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|Also Known As:||Dorothy Maloney,Dorothy Eloise Maloney,Mary Dorothy Maloney,Dorothy Maloney||Died:||January 19, 2018|
|Born:||January 29, 1924||Cause of Death:||Undisclosed natural causes|
|Birth Place:||Chicago, Illinois, USA||Profession:||Cast ... actor model|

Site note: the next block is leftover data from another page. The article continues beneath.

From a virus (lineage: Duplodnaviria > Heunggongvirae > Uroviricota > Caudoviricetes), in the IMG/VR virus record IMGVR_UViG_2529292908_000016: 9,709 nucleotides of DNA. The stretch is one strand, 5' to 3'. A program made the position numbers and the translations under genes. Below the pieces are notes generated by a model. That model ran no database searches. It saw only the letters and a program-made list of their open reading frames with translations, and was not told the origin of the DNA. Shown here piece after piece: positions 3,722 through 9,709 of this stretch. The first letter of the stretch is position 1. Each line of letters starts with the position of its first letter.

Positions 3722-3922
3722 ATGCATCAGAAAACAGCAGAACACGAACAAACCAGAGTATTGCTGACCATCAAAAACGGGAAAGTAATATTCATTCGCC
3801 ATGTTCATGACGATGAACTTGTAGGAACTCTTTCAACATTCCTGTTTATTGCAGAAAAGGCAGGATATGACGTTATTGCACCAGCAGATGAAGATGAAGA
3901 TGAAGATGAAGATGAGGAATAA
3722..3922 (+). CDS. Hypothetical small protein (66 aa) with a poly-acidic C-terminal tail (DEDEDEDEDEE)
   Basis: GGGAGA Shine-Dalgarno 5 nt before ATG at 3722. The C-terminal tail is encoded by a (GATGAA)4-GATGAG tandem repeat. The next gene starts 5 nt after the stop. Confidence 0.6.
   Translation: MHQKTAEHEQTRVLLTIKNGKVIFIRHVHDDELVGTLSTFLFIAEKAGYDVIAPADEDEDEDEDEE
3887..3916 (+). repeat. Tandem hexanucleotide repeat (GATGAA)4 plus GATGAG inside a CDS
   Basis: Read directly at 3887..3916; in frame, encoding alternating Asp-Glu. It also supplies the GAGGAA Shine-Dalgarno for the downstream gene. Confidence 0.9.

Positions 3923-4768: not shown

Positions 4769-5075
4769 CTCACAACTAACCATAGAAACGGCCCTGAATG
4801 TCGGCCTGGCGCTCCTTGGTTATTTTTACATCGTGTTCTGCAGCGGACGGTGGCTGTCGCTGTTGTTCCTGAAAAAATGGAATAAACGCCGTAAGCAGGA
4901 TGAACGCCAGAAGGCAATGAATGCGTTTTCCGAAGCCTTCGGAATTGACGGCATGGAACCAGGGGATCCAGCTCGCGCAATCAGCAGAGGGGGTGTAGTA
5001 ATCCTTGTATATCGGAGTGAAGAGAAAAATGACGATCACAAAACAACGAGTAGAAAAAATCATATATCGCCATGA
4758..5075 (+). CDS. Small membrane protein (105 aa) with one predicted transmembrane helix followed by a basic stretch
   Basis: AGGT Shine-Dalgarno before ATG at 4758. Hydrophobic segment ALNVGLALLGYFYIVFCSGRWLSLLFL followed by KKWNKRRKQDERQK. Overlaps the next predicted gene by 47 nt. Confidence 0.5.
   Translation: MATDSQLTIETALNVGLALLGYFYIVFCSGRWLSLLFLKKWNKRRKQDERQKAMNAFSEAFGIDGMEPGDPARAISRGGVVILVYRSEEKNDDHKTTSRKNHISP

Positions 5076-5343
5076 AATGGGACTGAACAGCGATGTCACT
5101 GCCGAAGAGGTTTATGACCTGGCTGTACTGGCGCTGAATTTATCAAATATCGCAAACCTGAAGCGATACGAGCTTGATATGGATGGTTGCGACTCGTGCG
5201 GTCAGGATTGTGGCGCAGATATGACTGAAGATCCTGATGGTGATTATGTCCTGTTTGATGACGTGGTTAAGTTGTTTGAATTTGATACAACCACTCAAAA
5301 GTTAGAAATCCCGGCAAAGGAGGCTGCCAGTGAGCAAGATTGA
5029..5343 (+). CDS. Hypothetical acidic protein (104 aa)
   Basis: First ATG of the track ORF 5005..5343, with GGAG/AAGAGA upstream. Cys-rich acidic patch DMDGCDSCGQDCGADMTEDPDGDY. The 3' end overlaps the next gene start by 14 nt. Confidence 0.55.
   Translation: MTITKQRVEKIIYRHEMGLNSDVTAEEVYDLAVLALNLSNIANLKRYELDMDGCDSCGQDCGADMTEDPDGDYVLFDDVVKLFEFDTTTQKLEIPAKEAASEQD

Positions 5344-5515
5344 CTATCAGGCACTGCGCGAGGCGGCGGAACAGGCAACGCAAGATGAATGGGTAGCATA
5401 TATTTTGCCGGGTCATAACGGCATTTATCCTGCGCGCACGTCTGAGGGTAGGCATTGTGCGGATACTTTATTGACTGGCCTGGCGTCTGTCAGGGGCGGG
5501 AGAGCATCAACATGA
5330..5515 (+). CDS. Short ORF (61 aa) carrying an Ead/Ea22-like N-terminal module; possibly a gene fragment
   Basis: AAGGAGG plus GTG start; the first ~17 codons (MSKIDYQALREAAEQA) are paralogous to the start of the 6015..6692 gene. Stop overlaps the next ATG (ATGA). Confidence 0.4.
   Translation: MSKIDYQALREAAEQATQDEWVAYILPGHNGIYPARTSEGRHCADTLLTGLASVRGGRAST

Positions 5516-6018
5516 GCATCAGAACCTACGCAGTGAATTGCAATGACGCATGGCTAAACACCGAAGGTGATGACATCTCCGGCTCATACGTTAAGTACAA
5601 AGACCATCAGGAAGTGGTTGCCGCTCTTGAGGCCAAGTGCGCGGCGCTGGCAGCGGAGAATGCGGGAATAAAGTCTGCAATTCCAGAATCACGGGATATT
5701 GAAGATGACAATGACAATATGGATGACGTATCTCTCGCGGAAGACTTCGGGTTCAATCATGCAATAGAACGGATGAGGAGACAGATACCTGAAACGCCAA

Dorothy Malone was a film star during Hollywood's Golden Age who was best known for her Oscar-winning performance in Douglas Sirk's "Written on the Wind" (1956). Born in Chicago, Malone and her family moved with her family to Dallas when she was six-months old. Tragedy had struck Malone's family early on when two of her sisters died from complications from polio, so Malone grew up knowing how fleeting life was. She decided quite early to make the most of her existence, and quickly settled on becoming a performer. She began modeling for Neiman Marcus as a teenager and after a brief stint at Southern Methodist University, where she majored in drama, Malone was offered a contract with RKO studios at the age of 18. She appeared in a number of films during her year with RKO, most notably 1943's "Higher and Higher," which also starred Frank Sinatra. After one year, however, RKO decided not to renew Malone's contract. Undeterred, Malone signed a new contract with Warner Bros., and quickly raised her acting profile by appearing in films like "Too Young to Know" (1945) and "Frontier Days" (1945). Her first big break came in 1946 when she appeared alongside Humphrey Bogart in the Director Howard Hawks' film "The Big Sleep" (1946). Her role in "The Big Sleep" led to bigger parts in films like the musical comedy "Two Guys from Texas" (1948), which was Malone's first lead role. Malone left Warner Bros. in the late 1940s to become a freelance film actor in Hollywood. She continued nabbing a multitude of roles throughout the 1950s, including "Torpedo Alley" (1952), "Scared Stiff" (1953), and "The Fast and the Furious" (1955), the latter of which was also the first film produced by the legendary producer Roger Corman. Then in 1956 Malone appeared in a supporting role alongside Rock Hudson and Lauren Bacall in the Douglas Sirk melodrama "Written on the Wind." The film earned Malone her first and only Oscar for Best Supporting Actress. Malone continued acting in films throughout the remainder of the 1950s and early 1960s, but in 1964 she gained renewed attention for her role as Constance Mackenzie on the prime time soap opera "Peyton Place" (ABC, 1964-69). Her role on "Peyton Place" ended in 1968 and Malone spent the next twenty-plus years of her acting career appearing in TV shows, made-for-TV movies, and little seen films. She appeared in only a handful of roles throughout the 1980s, with her last on-screen part being in 1992's "Basic Instinct." Malone spent the remaining years of her life in suburban Dallas, the same place she grew up. She died peacefully at a Dallas nursing facility on January 19, 2018. She was 93.
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